Cooling role of particulate matter on warming Earth stronger than previously thought

Cooling role of particulate matter on warming Earth stronger than previously thought
Credit: SRON Netherlands Institute for Space Research

The relationship between aerosols (particulate matter) and their cooling effect on the Earth due to the formation of clouds is more than twice as strong as was previously thought. As the amounts of aerosols decrease, climate models that predict a faster warming of the Earth are more probable. These are the conclusions of researcher Otto Hasekamp from SRON Netherlands Institute for Space Research, who published the results in Nature Communications. He carried out his research together with Edward Gryspeerdt from Imperial College London, and Johannes Quaas from Leipzig University.

Since the 1970s, scientists have known that particulate matter in the air can give rise to clouds that reflect more light than clouds in a "clean" atmosphere. Clouds in "polluted" air contain more water droplets. Their stronger reflection has a cooling effect on the Earth.

Suitable particles

Water droplets arise when water condenses on particles. Thanks to the laboratory work of colleagues, it has already been known for some time that some aerosol particles are more suitable as condensation nuclei than others. The suitability depends on the size of the particle as well as how spherical it is.

"For example, desert dust particles barely adsorb any water to form cloud droplets, whereas industrial aerosol is good at forming cloud droplets," Hasekamp explains. The more suitable condensation nuclei there are in the atmosphere, the greater the number of cloud droplets there will be, and the better the cloud formed will be able to reflect light.

New analysis method

Satellites have also been used in the past to investigate the relationship between the quantity of aerosols and the quantity of cloud . Back then, the number of condensation nuclei was estimated by measuring the extent to which light was attenuated by the particulate matter present. That led to weak estimations of the effect of aerosols on clouds.

Hasekamp and his fellow researchers used a new analysis method developed by SRON on existing from the French satellite POLDER to derive not only the quantity but also the size and shape of aerosol particles and their suitability as condensation nuclei. Using this approach, the researchers obtained a more accurate picture of the relationship between aerosols and their cooling effect.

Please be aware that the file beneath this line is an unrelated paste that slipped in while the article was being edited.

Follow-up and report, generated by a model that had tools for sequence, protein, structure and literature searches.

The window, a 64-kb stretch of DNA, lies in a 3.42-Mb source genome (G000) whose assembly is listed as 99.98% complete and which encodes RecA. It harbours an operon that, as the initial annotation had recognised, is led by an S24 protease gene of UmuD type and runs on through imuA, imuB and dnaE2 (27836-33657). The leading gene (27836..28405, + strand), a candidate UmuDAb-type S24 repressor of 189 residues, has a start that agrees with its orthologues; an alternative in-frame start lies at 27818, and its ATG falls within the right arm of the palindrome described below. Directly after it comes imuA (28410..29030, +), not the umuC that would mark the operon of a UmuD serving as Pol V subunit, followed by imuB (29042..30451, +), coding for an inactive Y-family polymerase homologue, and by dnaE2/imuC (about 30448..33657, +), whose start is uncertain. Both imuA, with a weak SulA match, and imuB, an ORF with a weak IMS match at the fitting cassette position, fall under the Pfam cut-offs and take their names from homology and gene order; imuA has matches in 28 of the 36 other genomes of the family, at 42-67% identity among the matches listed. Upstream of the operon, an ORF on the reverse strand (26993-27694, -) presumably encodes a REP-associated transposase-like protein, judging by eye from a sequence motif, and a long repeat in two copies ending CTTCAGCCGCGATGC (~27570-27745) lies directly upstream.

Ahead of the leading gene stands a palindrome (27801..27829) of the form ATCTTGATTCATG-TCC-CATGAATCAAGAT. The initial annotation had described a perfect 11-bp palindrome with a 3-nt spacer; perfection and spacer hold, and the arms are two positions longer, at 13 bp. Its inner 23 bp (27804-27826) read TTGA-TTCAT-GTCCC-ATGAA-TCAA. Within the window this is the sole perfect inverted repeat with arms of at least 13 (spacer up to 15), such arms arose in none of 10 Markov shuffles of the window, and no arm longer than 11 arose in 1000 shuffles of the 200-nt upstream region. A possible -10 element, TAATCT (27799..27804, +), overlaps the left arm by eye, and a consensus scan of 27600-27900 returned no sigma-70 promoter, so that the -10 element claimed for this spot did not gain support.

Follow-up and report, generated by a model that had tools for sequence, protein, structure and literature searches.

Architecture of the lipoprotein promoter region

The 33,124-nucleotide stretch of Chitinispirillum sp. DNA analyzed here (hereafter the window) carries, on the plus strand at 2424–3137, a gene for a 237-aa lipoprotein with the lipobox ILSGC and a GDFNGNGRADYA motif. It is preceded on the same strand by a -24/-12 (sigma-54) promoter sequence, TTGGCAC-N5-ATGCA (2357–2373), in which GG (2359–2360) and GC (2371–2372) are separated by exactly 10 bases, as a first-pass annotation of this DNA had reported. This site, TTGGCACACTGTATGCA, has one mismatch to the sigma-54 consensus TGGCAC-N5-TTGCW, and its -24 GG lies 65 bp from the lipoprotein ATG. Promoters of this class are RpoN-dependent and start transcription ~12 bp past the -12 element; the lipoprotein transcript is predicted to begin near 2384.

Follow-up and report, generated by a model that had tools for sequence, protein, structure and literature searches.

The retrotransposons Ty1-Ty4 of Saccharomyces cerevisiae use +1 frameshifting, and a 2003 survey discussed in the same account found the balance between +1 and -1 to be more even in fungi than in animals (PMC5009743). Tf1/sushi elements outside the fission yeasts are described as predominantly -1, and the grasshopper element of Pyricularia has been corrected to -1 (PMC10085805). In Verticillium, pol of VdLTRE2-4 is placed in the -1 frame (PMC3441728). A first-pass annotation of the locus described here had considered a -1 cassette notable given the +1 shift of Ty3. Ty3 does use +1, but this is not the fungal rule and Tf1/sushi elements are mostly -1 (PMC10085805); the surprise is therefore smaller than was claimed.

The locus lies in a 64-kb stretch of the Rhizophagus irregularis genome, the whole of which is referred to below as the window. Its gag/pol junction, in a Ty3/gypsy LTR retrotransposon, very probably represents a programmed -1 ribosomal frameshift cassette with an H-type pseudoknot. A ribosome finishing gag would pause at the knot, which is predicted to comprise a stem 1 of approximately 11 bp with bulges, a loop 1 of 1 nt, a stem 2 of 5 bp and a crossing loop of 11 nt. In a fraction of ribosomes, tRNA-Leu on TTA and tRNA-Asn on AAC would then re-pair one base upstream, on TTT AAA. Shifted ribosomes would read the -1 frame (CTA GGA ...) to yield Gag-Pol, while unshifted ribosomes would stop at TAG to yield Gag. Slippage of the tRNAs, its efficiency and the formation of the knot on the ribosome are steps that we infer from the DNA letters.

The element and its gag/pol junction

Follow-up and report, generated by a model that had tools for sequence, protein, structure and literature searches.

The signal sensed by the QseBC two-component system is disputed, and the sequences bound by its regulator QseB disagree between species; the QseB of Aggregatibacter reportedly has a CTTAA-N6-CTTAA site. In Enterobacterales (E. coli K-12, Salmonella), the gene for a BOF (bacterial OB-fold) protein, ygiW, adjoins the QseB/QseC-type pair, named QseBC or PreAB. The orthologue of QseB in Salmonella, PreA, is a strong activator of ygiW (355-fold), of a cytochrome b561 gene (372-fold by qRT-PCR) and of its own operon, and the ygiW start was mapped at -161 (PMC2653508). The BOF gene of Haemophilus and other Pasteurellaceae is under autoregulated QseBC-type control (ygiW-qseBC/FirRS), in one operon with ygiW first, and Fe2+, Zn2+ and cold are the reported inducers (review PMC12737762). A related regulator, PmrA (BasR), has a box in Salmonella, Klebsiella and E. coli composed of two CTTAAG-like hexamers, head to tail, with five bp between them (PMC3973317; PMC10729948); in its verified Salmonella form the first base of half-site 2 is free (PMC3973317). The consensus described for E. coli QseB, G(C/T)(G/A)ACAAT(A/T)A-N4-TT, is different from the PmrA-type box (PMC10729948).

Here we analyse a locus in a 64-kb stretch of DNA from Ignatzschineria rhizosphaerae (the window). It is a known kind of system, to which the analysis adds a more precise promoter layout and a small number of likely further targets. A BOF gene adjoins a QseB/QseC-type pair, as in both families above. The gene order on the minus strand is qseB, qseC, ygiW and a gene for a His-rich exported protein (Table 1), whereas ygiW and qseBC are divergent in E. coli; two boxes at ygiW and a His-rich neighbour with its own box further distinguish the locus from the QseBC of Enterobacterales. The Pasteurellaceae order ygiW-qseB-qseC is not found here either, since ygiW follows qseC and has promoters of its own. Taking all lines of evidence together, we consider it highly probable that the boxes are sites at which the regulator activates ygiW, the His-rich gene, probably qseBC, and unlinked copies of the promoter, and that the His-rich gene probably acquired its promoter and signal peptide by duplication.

More than twice as strong as estimated

"In its Fifth Assessment Report, published in 2013, the Intergovernmental Panel on Climate Change (IPCC) of the United Nations emphasized the importance of satellite results that revealed a weak aerosol effect on , whereas many models reveal a strong effect," Hasekamp concludes. "We think that the effect is more than twice as strong as estimated by the IPCC."

The emission of in the atmosphere is expected to decrease. Hasekamp says, "This means that the temperature will therefore rise faster, because the cooling will partly disappear. From the various climate predictions, those based on pessimistic models that assume more global warming, are more likely to be correct."

Even more accurate using PACE/SPEXone

In the future, even more accurate aerosol measurements from space will become available. As POLDER only provides viable measurement above oceans, the estimation of Hasekamp and his colleagues still has a large uncertainty margin. The SPEXone instrument, which SRON is developing in collaboration with Airbus Defense & Space NL to be part of the NASA satellite PACE, will reduce this uncertainty margin by providing accurate measurements above land.

More information: Otto P. Hasekamp et al. Analysis of polarimetric satellite measurements suggests stronger cooling due to aerosol-cloud interactions, Nature Communications (2019). DOI: 10.1038/s41467-019-13372-2

Journal information: Nature Communications

Citation: Cooling role of particulate matter on warming Earth stronger than previously thought (2019, December 3) retrieved 30 November 2023 from
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